b. The Rifle. Factory tests establish that a rifle will not put all shots through the hole, even when fired from a mechanical rest;

c. Human error by the rifleman. When a rifle is fired by the rifleman the following can be expected:

(1) The group size will be determined by how well the soldier observes the marksmanship principles;


Know how your scope works, and know your ballistics



Target analysis is the method of determining the soldier’s faults by examining the bullet holes on the target. The instructor should discuss each group with the student and explain the reason for imperfect groups.

The procedure for conducting target analysis is as follows:

a. Draw a rectangle enclosing all five shots with the sides of the rectangle parallel to the target;

b. Draw another rectangle enclosing the four most closely clustered shots;

c. The larger rectangle is the Actuality Group and shows the soldier’s actual ability at the present time;

d. The smaller rectangle is the Capability Group and indicates the riflemanspotential; . This determines the amount of coaching necessary before the soldier’s potential is realized



A vertical group indicates good trigger control but poor elevation, one or a combination of the following, are at fault:

a. Varying position of butt on the shoulder;

b. Low vertical triangle;

c. Failure to focus on front sight (iron) or aiming post (optical);

d. Incorrect or varying eye relief;

e. Lack of aiming precision;

f. Sight picture varied;

g. Faulty pre-firing breathing;

h. Position of left (forward) elbow wrong;

i. Varied backward pressure;

j. Varied head pressure; and/or

k. Poor follow through.



A horizontal group indicates good elevation and poor trigger control, any one, or a combination of the following, are at fault:

a. High vertical triangle;

b. High right shoulder;

c. Wandering front sight;

d. Holding the rifle with muscular effort instead of resting on the bone;

e. Jerking the trigger;

f. Hurrying the trigger squeeze;

g. Moving the right elbow;

h. Varying chin pressure;

i. Lack of aiming precision;

j. Faulty automatic alignment;

k. No stability of position


We are totally steady, but lets find out exactly what is going on on the target. 



1. Get into the Correct Shooting Position for the conditions at hand, and Get Comfortable. Make sure the Rifle is on a Suitable Rest (bipod, rear bag, shooting sticks, etc.)

2. Get your Scope Dialled In and On Target, and Get a Good Sight Picture.

3. Pull the butt of the rifle firmly into the shoulder, and hold it there. (Finger Off Trigger) Keep the Cross-hairs of the Scope Fixed on that Specific Point on the Target. Take the SAFETY OFF!

4. Get your Breathing Under Control, Slow and Steady. Breathe in Deeply, Exhale, Letting Half Out and Hold.

5. As you keep your mind and your eye focused through the scope on that specific target point; With the tip of the pad of your index finger placed on the "sweet spot" of the trigger, begin to Slowly Squeeze the Trigger straight back without stopping, in one steady and fluid movement.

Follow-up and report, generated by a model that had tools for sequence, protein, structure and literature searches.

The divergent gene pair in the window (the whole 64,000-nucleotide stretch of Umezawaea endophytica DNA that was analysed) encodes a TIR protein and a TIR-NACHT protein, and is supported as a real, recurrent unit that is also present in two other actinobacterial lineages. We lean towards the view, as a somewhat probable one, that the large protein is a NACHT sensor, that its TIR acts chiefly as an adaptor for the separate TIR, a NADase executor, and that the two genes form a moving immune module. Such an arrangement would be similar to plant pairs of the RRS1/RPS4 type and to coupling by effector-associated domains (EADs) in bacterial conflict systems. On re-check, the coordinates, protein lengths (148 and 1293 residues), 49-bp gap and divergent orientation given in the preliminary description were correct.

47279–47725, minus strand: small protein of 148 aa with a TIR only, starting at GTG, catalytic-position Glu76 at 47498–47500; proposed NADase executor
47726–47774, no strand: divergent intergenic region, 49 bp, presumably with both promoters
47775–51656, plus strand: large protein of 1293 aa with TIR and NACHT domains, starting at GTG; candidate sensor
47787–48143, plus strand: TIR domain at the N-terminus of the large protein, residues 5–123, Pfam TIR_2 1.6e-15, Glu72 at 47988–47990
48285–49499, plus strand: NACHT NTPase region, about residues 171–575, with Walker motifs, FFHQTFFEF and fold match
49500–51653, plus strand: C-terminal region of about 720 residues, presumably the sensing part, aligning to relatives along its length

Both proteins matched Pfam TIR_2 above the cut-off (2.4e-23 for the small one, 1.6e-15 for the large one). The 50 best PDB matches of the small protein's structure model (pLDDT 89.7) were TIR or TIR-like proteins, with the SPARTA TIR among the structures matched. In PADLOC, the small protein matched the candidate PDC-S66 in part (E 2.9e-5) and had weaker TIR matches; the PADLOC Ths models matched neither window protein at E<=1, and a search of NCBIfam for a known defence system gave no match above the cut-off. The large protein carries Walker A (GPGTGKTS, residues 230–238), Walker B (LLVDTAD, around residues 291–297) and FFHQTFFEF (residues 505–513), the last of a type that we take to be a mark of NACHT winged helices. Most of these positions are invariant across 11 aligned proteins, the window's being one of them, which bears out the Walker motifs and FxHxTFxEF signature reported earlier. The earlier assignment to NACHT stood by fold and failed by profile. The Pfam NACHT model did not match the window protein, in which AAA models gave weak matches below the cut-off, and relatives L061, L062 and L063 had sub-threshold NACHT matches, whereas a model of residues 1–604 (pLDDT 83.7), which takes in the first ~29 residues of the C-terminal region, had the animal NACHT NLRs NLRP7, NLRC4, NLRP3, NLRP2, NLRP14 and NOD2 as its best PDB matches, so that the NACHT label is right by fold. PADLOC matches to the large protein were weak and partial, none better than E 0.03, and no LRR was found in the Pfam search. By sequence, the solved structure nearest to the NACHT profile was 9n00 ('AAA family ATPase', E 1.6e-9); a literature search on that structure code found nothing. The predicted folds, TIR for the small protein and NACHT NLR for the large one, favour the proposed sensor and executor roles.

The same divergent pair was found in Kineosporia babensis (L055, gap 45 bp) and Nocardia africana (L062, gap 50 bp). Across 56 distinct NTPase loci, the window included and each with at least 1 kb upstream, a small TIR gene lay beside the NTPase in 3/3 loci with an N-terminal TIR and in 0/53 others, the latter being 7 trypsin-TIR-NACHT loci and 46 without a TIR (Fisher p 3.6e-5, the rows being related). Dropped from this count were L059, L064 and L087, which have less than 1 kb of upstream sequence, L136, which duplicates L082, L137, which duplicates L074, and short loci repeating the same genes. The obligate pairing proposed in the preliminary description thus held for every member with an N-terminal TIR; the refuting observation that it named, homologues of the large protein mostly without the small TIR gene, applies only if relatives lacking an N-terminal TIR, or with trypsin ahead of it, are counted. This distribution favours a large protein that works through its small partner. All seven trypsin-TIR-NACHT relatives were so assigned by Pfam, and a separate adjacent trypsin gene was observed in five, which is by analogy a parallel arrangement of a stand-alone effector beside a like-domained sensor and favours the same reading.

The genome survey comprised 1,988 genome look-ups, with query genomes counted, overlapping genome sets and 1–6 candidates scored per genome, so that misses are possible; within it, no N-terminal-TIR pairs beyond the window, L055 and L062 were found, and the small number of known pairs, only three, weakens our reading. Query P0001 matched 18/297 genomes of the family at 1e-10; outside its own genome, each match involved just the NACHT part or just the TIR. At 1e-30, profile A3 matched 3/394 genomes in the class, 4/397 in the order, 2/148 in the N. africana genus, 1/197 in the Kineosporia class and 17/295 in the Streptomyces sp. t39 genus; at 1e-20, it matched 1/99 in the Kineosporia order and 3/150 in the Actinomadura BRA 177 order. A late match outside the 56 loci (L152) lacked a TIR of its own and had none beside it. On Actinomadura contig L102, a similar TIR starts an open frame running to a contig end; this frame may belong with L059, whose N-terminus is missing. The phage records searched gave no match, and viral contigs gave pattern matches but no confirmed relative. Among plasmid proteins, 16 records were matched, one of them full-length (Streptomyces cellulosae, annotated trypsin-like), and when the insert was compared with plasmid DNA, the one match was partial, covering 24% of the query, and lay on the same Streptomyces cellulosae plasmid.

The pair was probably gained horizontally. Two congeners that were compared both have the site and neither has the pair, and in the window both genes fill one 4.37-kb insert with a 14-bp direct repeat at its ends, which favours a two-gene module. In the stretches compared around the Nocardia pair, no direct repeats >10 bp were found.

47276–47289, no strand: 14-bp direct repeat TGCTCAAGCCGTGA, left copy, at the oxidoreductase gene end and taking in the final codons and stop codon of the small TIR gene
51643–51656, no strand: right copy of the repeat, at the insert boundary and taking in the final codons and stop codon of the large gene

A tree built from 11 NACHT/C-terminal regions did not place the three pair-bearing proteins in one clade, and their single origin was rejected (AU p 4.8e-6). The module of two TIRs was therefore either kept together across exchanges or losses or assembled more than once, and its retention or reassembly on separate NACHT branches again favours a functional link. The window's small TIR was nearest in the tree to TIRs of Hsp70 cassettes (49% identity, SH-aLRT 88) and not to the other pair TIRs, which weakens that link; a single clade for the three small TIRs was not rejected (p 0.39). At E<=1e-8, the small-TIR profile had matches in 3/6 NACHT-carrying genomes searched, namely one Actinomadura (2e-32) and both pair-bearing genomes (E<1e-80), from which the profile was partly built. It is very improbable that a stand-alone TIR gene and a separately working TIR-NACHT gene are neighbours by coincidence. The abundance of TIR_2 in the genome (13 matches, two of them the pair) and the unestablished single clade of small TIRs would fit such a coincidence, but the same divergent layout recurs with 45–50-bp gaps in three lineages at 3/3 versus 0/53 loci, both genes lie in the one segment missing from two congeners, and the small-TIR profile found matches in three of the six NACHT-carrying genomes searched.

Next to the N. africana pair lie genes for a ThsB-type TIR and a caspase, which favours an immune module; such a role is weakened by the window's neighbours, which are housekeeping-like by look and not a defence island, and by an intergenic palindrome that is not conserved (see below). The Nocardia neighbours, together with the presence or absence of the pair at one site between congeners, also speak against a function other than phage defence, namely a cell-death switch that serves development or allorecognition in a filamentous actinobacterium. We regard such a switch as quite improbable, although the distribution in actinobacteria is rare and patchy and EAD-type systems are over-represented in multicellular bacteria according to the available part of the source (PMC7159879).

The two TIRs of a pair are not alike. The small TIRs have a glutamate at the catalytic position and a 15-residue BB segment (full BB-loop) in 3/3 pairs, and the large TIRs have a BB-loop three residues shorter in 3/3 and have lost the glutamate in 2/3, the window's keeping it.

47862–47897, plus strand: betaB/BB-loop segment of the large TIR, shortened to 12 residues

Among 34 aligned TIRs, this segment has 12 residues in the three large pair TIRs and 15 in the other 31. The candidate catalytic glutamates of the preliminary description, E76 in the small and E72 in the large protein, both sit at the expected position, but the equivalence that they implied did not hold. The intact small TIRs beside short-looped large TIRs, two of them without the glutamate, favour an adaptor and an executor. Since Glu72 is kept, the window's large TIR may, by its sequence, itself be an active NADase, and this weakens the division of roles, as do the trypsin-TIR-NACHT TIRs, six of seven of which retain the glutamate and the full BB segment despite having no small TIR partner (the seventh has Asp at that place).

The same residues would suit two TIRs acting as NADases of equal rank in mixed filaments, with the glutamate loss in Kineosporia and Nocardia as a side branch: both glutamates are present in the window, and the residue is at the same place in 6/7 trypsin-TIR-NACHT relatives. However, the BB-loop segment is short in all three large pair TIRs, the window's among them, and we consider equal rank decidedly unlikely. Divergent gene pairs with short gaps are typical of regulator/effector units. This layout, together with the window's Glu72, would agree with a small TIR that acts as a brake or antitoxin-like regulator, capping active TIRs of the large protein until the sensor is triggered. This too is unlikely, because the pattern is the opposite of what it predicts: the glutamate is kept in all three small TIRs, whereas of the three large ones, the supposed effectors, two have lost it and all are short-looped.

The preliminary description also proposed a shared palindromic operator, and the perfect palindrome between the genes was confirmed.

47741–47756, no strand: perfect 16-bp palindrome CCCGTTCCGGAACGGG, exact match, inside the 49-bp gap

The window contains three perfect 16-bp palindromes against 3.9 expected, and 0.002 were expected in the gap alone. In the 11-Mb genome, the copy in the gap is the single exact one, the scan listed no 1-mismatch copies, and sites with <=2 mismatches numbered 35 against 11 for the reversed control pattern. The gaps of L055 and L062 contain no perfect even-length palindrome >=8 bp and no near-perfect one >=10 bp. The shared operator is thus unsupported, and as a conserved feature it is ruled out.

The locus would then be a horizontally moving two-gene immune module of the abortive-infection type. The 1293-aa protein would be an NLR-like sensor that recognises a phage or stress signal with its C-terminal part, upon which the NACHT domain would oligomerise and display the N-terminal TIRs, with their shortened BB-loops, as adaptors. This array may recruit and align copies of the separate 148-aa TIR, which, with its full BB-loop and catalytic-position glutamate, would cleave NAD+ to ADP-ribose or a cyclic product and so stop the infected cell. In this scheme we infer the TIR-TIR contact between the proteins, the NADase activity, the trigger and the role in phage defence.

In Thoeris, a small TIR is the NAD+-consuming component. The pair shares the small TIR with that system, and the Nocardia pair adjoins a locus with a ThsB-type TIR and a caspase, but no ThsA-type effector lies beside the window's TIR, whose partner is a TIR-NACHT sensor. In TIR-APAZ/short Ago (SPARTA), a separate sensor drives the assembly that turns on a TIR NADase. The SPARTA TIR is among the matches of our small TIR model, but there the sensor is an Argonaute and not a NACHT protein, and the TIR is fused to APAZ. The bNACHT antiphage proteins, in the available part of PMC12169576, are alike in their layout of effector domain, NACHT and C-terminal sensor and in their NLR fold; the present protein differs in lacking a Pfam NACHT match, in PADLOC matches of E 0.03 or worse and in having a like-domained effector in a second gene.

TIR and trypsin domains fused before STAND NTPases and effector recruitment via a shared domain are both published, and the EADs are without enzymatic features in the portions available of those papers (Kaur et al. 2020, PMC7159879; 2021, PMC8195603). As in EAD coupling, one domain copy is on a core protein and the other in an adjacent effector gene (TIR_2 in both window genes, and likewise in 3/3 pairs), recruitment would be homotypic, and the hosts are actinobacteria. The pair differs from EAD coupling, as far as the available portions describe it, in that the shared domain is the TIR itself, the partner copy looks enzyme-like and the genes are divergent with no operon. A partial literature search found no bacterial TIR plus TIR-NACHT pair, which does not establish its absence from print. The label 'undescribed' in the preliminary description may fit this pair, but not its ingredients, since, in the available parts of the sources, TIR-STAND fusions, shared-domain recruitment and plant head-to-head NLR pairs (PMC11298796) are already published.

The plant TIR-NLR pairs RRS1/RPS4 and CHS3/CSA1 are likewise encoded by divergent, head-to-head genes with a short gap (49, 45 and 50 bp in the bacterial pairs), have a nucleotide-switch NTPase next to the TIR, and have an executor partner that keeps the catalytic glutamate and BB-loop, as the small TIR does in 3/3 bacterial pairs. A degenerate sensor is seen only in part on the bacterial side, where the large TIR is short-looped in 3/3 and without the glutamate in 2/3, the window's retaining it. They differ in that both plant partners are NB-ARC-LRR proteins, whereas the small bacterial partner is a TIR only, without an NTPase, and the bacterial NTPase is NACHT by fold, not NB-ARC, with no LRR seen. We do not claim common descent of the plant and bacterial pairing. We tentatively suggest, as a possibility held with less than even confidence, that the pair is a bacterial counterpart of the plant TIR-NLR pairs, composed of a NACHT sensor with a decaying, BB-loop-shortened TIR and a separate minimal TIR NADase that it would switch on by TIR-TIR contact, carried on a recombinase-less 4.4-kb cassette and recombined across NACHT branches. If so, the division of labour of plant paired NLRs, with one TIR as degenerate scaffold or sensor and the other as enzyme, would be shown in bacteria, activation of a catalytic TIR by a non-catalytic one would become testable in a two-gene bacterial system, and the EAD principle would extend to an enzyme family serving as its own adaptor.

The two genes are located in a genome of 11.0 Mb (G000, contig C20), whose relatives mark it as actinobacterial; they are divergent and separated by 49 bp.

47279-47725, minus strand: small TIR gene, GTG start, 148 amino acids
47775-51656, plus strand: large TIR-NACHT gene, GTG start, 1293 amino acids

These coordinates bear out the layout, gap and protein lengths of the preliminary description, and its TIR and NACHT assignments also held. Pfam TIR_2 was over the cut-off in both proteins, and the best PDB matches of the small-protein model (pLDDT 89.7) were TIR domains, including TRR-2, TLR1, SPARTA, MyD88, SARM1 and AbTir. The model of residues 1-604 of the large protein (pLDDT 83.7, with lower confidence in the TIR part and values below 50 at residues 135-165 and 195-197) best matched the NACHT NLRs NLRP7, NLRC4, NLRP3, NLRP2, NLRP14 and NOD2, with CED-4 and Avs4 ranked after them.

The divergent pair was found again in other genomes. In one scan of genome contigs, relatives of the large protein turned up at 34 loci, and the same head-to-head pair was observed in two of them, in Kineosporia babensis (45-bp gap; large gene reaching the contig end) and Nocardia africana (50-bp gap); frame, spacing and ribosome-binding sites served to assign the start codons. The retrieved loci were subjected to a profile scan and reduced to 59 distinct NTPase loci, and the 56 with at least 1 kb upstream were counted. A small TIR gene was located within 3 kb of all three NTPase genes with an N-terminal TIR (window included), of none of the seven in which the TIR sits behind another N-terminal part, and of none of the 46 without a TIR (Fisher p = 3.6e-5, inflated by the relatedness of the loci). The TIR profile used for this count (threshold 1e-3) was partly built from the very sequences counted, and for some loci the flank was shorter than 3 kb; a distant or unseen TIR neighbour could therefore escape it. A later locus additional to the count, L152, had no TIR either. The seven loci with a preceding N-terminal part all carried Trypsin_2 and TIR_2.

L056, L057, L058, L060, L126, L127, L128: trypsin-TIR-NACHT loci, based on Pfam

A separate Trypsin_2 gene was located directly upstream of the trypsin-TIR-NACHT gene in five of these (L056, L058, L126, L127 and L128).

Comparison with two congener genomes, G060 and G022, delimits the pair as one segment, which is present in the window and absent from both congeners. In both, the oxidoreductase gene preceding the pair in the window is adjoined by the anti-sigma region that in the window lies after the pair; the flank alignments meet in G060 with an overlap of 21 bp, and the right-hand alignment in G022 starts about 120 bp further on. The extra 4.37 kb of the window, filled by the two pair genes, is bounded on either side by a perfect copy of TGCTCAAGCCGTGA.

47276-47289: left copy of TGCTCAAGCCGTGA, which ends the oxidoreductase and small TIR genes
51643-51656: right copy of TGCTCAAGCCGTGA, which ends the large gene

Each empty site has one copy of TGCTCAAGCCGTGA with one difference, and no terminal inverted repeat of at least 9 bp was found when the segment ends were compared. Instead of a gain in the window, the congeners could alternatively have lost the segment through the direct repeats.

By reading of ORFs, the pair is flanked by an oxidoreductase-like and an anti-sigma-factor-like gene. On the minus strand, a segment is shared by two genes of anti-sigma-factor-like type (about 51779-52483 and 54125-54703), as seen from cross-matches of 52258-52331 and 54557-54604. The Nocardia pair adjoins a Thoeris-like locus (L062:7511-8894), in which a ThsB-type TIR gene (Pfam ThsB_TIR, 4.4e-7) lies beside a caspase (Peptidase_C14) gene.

6. Keep Your Eye(s) Open, as the shot breaks, and Concentrate on where the cross-hairs are on the target as the hammer falls. The Shot should “Feel” Good!

7. As soon as that shot breaks, continue to Keep a Rear-ward pressure on the Trigger, and the same grip on the rifle, and same body position as much as you can through the recoil of the rifle. This is called “Follow-Through”.

8. Strive to keep your grip on the rifle, your head position and cheek-weld on the stock; Looking through the Scope to SEE Your HIT on the Target. The goal is repeatable consistency, time after time, shot after shot.

9. Practice Perfect Trigger Control by Dry-Firing Drills, alone, in a low lighted room, with no distractions. Also use a "Snap-Cap" style dummy round to Protect the Firing Pin as you dry fire! DOUBLE CHECK to Insure Your Weapon is EMPTY and Pointed in a SAFE Direction. Perform 50 repetitions, practice on your technique. Get a feel for your trigger, and burn that feeling into your mind and muscle memory.

Look through the scope and know where the cross-hairs are on the target as the shot breaks. Part of calling the shot is being able to SEE the HIT and Admitting to Yourself if you flinch, or if you jerk the trigger. You must practice to control your body and Resist Flinching; this is where muzzle breaks help. You must eliminate any and all movement of the rifle as the hammer falls and the shot breaks. When practicing trigger control, the more times You Can "Honestly Call The Shots That Are Good", and it is Reflected on the Target paper, or the Steel Gong, the Better Long-Range Marksman You Will Become!

The importance of Trigger Control cannot be overstated. The jerking, slapping, incorrect finger position, any side movement on the trigger will show. Your Concentration will be on Making your Breathing, Grip, Sight Picture, Trigger Squeeze, and Follow Through "Flow In Unison". The only way to Achieve Smaller Groups, and Hit the Steel Plate at Distance is to Practice; and learning how to Call Your Shots by Keeping your Eye(s) Open.

Keep a diary of all shots and weather / wind conditions  This shooting diary becomes your “bible”

 Just to stress the position of your support arm (Sometimes referred to as the pillar or pivot and the tightness and position of the sling on that arm is critical for the stability of the rifle, and one of the key elements in adhering to the Marksmanship Principles.